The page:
Posted by: crudbasher | November 8, 2010

DRM + Libraries = Insanity

I had a very interesting experience this weekend with my local library.

I live in Orange County, Florida and have for 20 years.  My local library system seems to be pretty decent. It has a nice service where I can get a book on their website and they will mail it to the house.  Very Netflixish. (did I just invent a word?)

Anyway, this weekend I wanted to see if they had a book by Neil Stephenson called Diamond Age.  If you are interested in personalized learning I highly suggest this fascinating book.  I have read it before but it’s been about 10 years so I wanted to get it again.  Well the libraries online catalog said it was checked out.  (their website is very non intuitive and about 5 years behind the technology but that’s another story)  I did see however that they have a new program where they can loan out eBooks!  I was really impressed!  Apparently you use Adobe Digital Editions and can download an eBook for a certain period of time, then it disappears. Ok that’s fine.  I went to do this and found out the eBook was also checked out.

Wait, What???????????????????

The eBook was checked out!?! Yep, I had to wait until someone else had finished reading the eBook on their computer and it “checked back in” before I could download it and read it.


Firstly, I don’t blame the library entirely. This ridiculous artificial scarcity was probably forced on the library by the publisher.   Even so what is the point of this?  How does it hurt the publisher in any way if I can read the eBook at the same time as someone else?  Seriously, what is accomplished by this stupid restriction besides make me mad?  I just don’t see any upside.

The book industry is in a state of transition. They are fumbling around trying to see what level of annoyance people will put up with while still buying their books. I don’t like it and this kind of stupidity makes me less willing to buy eBooks in the future.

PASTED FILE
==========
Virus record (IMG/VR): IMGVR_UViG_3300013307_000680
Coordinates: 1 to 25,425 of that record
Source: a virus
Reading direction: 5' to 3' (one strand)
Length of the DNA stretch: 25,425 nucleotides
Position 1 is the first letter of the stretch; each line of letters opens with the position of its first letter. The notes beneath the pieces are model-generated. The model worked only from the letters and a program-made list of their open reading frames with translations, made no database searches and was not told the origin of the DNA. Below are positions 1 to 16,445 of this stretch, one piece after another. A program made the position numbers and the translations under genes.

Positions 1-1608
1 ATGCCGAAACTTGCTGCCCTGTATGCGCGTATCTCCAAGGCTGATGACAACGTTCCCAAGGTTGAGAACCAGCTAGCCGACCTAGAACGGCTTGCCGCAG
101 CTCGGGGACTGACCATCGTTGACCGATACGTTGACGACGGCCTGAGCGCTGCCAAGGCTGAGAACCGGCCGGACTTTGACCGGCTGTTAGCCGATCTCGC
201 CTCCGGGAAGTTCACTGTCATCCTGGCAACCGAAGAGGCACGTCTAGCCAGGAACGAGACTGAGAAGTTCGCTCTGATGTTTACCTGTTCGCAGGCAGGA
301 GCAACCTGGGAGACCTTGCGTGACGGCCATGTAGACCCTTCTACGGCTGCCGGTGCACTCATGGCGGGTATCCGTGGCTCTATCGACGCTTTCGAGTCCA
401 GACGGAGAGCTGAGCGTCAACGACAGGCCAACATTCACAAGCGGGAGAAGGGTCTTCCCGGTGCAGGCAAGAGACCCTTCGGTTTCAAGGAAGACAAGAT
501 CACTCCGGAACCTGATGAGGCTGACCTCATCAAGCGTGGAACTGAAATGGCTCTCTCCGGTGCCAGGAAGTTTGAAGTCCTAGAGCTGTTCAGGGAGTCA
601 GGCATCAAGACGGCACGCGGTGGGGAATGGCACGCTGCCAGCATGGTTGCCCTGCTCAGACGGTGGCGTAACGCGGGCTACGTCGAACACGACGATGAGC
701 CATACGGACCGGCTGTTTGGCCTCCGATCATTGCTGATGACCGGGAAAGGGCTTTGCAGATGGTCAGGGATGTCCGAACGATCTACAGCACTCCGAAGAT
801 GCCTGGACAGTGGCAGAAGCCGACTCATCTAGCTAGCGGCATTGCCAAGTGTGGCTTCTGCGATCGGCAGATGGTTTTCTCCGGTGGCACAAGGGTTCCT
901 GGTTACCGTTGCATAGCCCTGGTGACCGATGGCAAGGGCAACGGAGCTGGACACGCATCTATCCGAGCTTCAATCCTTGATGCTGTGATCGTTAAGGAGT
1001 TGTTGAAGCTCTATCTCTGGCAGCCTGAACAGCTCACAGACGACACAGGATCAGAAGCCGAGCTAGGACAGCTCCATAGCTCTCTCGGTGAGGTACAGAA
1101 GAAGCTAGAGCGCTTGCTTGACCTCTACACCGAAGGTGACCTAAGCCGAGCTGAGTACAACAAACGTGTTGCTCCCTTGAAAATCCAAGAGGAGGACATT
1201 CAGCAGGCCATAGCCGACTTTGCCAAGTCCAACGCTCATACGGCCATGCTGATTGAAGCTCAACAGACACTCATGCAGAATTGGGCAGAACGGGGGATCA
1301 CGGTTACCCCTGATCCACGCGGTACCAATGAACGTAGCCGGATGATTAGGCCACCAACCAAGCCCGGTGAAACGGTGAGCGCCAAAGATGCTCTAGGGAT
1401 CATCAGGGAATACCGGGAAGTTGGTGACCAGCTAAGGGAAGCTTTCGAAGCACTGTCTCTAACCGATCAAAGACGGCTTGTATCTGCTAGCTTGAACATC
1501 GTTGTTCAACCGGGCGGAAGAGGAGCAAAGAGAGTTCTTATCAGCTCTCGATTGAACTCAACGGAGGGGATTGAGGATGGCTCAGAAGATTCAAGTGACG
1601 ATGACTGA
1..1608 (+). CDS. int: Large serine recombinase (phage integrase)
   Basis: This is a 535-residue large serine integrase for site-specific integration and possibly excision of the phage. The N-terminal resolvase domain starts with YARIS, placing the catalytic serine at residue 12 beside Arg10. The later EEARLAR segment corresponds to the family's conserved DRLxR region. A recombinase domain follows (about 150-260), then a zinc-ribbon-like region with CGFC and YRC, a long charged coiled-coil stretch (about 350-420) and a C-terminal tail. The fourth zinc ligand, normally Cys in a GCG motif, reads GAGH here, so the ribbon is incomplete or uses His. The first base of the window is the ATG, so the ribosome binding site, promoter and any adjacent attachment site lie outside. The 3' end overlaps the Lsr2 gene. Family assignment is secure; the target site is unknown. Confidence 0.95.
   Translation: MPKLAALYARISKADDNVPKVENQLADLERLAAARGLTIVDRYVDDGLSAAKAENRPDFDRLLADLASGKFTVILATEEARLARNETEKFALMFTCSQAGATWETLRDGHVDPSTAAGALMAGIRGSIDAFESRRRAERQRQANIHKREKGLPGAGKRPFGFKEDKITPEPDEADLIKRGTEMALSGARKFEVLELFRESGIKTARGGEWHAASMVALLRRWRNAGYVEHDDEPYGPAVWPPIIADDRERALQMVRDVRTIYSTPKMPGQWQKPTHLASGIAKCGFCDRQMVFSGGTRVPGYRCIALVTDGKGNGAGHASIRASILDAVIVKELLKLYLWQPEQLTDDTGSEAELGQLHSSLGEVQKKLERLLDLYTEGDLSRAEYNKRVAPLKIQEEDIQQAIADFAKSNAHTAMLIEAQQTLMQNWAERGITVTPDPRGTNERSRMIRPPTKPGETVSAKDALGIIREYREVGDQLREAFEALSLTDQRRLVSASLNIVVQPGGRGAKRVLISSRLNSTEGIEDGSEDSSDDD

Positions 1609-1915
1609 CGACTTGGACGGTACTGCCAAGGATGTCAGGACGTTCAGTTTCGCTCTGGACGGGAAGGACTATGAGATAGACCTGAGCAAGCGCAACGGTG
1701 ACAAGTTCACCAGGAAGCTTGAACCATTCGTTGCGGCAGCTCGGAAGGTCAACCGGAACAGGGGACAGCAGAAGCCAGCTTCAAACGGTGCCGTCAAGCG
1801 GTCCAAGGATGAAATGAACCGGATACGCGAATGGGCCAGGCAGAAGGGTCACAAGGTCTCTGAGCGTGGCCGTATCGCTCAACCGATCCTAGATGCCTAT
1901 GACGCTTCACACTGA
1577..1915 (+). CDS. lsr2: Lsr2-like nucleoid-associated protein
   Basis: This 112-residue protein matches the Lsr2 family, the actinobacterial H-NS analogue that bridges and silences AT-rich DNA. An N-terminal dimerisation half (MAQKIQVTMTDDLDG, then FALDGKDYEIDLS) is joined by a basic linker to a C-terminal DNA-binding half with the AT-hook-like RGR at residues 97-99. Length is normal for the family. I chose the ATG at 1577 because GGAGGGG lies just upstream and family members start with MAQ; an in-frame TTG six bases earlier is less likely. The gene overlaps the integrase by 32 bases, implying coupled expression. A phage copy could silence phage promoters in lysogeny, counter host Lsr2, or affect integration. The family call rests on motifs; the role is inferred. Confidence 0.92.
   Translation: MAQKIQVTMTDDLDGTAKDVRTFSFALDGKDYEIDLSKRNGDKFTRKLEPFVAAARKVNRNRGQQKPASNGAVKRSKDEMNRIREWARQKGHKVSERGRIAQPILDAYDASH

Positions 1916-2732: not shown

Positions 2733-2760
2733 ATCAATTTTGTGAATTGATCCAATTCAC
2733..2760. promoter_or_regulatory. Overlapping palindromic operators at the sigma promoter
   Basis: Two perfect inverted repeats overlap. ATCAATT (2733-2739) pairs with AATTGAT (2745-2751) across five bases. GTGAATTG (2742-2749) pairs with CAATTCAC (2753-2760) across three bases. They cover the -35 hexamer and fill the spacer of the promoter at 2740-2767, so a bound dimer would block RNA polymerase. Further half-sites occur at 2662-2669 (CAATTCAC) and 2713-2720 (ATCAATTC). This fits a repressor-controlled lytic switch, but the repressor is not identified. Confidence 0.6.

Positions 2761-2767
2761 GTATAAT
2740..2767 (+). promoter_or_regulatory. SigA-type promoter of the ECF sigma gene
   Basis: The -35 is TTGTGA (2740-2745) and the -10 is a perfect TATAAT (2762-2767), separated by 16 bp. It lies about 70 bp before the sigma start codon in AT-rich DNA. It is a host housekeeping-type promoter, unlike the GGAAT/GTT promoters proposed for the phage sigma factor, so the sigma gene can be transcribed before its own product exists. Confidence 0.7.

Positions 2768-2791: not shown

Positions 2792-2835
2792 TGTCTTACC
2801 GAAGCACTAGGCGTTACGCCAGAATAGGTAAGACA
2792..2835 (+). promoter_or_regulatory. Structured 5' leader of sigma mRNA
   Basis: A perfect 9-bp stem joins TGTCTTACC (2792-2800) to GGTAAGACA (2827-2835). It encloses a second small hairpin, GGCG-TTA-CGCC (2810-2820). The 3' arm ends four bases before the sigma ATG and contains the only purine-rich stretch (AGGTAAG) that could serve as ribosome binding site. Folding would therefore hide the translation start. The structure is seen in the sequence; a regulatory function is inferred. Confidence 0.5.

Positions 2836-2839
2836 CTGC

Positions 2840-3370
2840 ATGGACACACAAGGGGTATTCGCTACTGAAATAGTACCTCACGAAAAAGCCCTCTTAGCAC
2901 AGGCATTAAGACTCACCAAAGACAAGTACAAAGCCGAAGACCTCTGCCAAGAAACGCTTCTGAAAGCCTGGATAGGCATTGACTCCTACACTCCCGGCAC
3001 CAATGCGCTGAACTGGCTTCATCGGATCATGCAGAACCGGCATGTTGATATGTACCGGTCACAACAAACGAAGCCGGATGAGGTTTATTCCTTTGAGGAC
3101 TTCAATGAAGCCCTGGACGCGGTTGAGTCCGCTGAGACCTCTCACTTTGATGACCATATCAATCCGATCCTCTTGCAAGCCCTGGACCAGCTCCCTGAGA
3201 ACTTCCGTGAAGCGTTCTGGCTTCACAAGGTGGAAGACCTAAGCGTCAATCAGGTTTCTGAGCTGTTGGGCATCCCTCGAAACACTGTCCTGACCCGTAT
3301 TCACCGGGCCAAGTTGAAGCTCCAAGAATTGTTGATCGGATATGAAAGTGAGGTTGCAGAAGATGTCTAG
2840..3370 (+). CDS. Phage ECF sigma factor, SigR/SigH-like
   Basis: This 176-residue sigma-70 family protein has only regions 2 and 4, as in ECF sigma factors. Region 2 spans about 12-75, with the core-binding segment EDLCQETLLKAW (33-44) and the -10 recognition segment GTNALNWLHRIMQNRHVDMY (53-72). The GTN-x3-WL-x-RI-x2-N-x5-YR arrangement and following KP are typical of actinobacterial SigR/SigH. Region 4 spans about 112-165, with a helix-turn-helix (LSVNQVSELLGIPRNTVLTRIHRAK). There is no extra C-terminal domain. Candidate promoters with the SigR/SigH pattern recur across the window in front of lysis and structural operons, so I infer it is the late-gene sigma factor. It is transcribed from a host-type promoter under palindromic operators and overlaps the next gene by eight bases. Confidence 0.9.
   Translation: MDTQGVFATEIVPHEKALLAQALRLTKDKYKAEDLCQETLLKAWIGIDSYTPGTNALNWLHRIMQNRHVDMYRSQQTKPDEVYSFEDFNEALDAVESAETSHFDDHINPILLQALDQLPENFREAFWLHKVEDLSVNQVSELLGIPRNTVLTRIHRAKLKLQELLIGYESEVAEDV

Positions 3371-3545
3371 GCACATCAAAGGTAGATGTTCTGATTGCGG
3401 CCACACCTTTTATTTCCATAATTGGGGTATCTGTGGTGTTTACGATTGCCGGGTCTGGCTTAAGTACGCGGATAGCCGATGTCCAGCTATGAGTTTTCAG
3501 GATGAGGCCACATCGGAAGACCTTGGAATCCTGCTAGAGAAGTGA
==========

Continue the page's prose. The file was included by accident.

Earth to media companies:  If it’s electronic, IT”S NOT SCARCE ANYMORE!!!



  1. When I was a librarian, I received a ridiculous number of calls and visits from sellers (Follett, Ingram, etc…) trying to pitch their ebooks to me. I politely told all of them that I was not interested in the least. They all had their own proprietary filesystem or DRM; one even made the books into programs. ALL of them had the same stupid checkout procedures.
    The only ebooks I would consider are ePub without DRM. The reason is simple. ePub is open-source and can easily be read on PC, Mac, BlackBerry, iOS, Android, etc… Lack of DRM allows the most people to have access at one time.
    I was initially really excited about Barnes & Noble’s Nook because it was going to use ePub and allow sharing. Then I found out that you can only share a book once, ever, and only for a two week period. On top of that, they add their own DRM to it.
    Unfortunately, it is getting harder and harder to find ebooks without DRM. On top of that, fragmentation is great. Kindle has its own format; Barnes & Noble, iBooks, Borders, Sony, etc… all have their own brand of DRM on their books. The ebook industry is where music was around 5 years ago. You could buy a song on iTunes and then only play it on 5 authorized computers. Eventually Apple and the music industry realized this was stupid (and we were getting around it anyway by burning a CD and then ripping the files), and now most music is sold without DRM. Here is hoping the publishing companies get with the times, although that is probably asking way too much of them.

    • Oh I bet people try to push stuff like that on libraries all the time. Thank you so much for adding this fascinating prospective!!

  2. […] This post was mentioned on Twitter by, Andrew Barras. Andrew Barras said: New Post: DRM + Libraries = Insanity […]

  3. First of all, jealous of your netflixish library. What a cool service!
    Second, same problem with my library digital downloads, they can be checked out and you have to wait for them. Totally defeating the purpose of digital if you ask me!

  4. […] remember when I first tried to “check out” an eBook from my local library. The whole concept just seemed a fake as a two dollar bill.  What is […]

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